“All parties were excited to see the launch and to witness firsthand the extended communications reach of this capability,” said Miller. “The power of a demonstration is that it makes the capability real, instead of a data point on a chart or a briefing slide.”

“This system solves the problems faced by troops on the ground where mission requirements place them in situations where distances exceed terrestrial line-of-sight and where satellite and airborne communications aren’t available,” explained Allen Kirkham from the Battle Lab, and one of the briefers on the Combat SkySat, to the group.

 




All of this week's top headlines to your email every Friday.


 
 

 
Courtesy photograph

F-22 inaugural deployment to Europe

Courtesy photograph A pair of F-22 Raptors fly near the coastline of Panama City Beach, Fla. Four F-22 Raptors, one C-17 Globemaster III, and approximately 60 airmen arrived at Spangdahlem Air Base, Germany, to train with allie...
 
 
ILS photograph

Boeing-built satellite will create first global high-speed broadband network

ILS photograph The Inmarsat-5 F3 satellite launched Aug. 28 aboard a International Launch Services Proton Breeze M rocket from Baikonur, Kazakhstan. EL SEGUNDO, Calif.–When the third Boeing-built [NYSE: BA] Inmarsat-5 sat...
 
 

Civil Air Patrol joins total force ‘Airmen’

When conducting missions for the Air Force as the official Air Force auxiliary, the Civil Air Patrol is now included in the Air Force’s definition of the total force. CAP has provided 74 years of support to emergency services, aerospace education and cadet programs. In August 2015, the Air Force updated Doctrine Volume 2, “Leadership,”...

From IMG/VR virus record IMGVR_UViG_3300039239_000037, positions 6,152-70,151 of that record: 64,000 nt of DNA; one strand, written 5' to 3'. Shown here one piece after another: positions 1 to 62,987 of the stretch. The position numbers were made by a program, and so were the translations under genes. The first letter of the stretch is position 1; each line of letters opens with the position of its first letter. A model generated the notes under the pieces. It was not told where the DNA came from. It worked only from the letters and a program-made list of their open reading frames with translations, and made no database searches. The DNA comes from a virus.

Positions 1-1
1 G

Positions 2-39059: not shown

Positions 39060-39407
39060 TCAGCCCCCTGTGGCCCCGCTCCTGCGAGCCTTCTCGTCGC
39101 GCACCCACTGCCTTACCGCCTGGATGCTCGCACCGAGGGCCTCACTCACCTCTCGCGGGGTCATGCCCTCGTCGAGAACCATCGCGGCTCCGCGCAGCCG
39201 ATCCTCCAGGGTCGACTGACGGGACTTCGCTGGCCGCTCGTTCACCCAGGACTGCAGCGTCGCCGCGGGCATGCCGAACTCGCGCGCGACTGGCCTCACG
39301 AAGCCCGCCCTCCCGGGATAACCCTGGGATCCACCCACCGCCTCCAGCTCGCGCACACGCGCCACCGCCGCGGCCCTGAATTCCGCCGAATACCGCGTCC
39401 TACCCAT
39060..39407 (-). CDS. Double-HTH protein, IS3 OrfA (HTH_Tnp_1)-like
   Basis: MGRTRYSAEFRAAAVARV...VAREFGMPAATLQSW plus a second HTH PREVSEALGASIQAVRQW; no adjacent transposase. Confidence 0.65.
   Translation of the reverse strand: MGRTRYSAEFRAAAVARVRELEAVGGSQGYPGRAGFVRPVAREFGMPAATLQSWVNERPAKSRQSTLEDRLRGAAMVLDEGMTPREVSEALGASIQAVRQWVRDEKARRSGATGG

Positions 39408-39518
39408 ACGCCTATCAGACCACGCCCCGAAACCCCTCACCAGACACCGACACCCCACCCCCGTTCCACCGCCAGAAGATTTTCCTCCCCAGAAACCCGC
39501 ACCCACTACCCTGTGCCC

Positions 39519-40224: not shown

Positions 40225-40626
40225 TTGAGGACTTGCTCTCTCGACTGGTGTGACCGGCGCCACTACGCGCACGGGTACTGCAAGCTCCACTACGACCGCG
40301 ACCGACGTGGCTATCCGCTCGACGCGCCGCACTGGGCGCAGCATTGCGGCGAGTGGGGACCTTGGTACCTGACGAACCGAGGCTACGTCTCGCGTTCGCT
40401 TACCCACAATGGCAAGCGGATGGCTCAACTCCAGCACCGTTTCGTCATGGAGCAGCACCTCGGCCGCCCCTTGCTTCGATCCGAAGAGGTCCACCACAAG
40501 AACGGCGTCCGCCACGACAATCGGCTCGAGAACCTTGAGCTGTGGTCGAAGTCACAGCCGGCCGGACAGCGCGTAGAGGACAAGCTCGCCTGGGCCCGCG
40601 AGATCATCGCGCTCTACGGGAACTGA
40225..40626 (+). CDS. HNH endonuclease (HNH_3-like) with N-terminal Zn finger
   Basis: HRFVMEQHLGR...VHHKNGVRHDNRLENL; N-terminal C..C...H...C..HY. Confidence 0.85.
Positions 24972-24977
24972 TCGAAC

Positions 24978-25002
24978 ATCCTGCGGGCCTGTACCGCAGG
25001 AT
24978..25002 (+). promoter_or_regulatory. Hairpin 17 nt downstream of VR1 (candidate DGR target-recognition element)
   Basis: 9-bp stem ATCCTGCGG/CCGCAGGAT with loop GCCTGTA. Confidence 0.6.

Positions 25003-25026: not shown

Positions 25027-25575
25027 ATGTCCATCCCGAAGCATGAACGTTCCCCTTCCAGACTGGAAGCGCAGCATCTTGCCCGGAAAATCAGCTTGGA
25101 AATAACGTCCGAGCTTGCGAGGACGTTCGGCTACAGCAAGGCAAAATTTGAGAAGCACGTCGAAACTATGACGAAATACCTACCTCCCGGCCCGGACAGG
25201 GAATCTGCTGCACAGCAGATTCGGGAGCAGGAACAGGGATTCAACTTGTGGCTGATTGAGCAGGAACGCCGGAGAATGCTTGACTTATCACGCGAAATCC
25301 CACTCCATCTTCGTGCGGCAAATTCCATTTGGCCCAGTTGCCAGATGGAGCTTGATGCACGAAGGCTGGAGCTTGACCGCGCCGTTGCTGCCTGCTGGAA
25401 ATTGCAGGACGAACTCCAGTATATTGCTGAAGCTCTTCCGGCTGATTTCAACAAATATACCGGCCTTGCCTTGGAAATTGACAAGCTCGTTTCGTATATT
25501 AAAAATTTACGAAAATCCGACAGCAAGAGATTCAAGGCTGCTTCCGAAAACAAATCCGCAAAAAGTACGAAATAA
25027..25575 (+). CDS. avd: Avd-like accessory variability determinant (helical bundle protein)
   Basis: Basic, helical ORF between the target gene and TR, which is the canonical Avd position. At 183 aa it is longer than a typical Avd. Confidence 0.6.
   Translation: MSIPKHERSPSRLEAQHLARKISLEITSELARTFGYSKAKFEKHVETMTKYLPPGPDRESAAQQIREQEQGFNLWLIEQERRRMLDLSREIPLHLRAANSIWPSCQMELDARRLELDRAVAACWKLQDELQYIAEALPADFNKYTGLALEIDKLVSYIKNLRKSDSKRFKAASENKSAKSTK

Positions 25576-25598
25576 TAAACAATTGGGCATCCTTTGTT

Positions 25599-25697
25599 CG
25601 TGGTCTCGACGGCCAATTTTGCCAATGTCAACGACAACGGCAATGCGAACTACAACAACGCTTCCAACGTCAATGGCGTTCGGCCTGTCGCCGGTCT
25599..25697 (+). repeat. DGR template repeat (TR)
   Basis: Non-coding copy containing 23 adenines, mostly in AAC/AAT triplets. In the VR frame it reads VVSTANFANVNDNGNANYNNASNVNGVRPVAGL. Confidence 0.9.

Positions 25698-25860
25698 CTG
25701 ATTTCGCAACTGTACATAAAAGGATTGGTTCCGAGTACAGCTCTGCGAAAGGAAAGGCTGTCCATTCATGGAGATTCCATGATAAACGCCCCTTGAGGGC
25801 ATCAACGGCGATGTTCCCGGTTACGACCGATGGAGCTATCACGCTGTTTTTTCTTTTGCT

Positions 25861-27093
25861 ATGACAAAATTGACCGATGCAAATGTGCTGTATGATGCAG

Hurricane Hunters to fly Tropical Storm Erika

The Air Force Reserve Hurricane Hunters are operating out of Homestead Air Reserve Base, Fla., flying their state-of-the-art WC-130J Super Hercules into Tropical Storm Erika in support of the National Hurricane Center in Miami. The 53rd Weather Reconnaissance Squadron flew four missions into the tropical storm from their deployed location at St. Croix in the...
 
 

Pentagon probing alleged distorting of war intelligence

The Pentagon’s inspector general is investigating an allegation that the military command overseeing the anti-Islamic State campaign distorted or altered intelligence assessments to exaggerate progress against the militant group, a defense official said Aug. 26. The official was not authorized to discuss the probe publicly and so spoke on condition of anonymity. The investigation was...
 
 
LM-C130

U.S. Air Force receives additional MC-130J Commando II

MARIETTA, Ga., Aug. 27, 2015 – A crew from the U.S. Air Force Aug. 27 ferried a new MC-130J Commando II aircraft assigned to Air Force Special Operations Command to Cannon Air Force Base, N.., from the Lockheed Martin facilit...
 




0 Comments


Be the first to comment!


Leave a Reply

Your email address will not be published. Required fields are marked *

You may use these HTML tags and attributes: <a href="" title=""> <abbr title=""> <acronym title=""> <b> <blockquote cite=""> <cite> <code> <del datetime=""> <em> <i> <q cite=""> <s> <strike> <strong>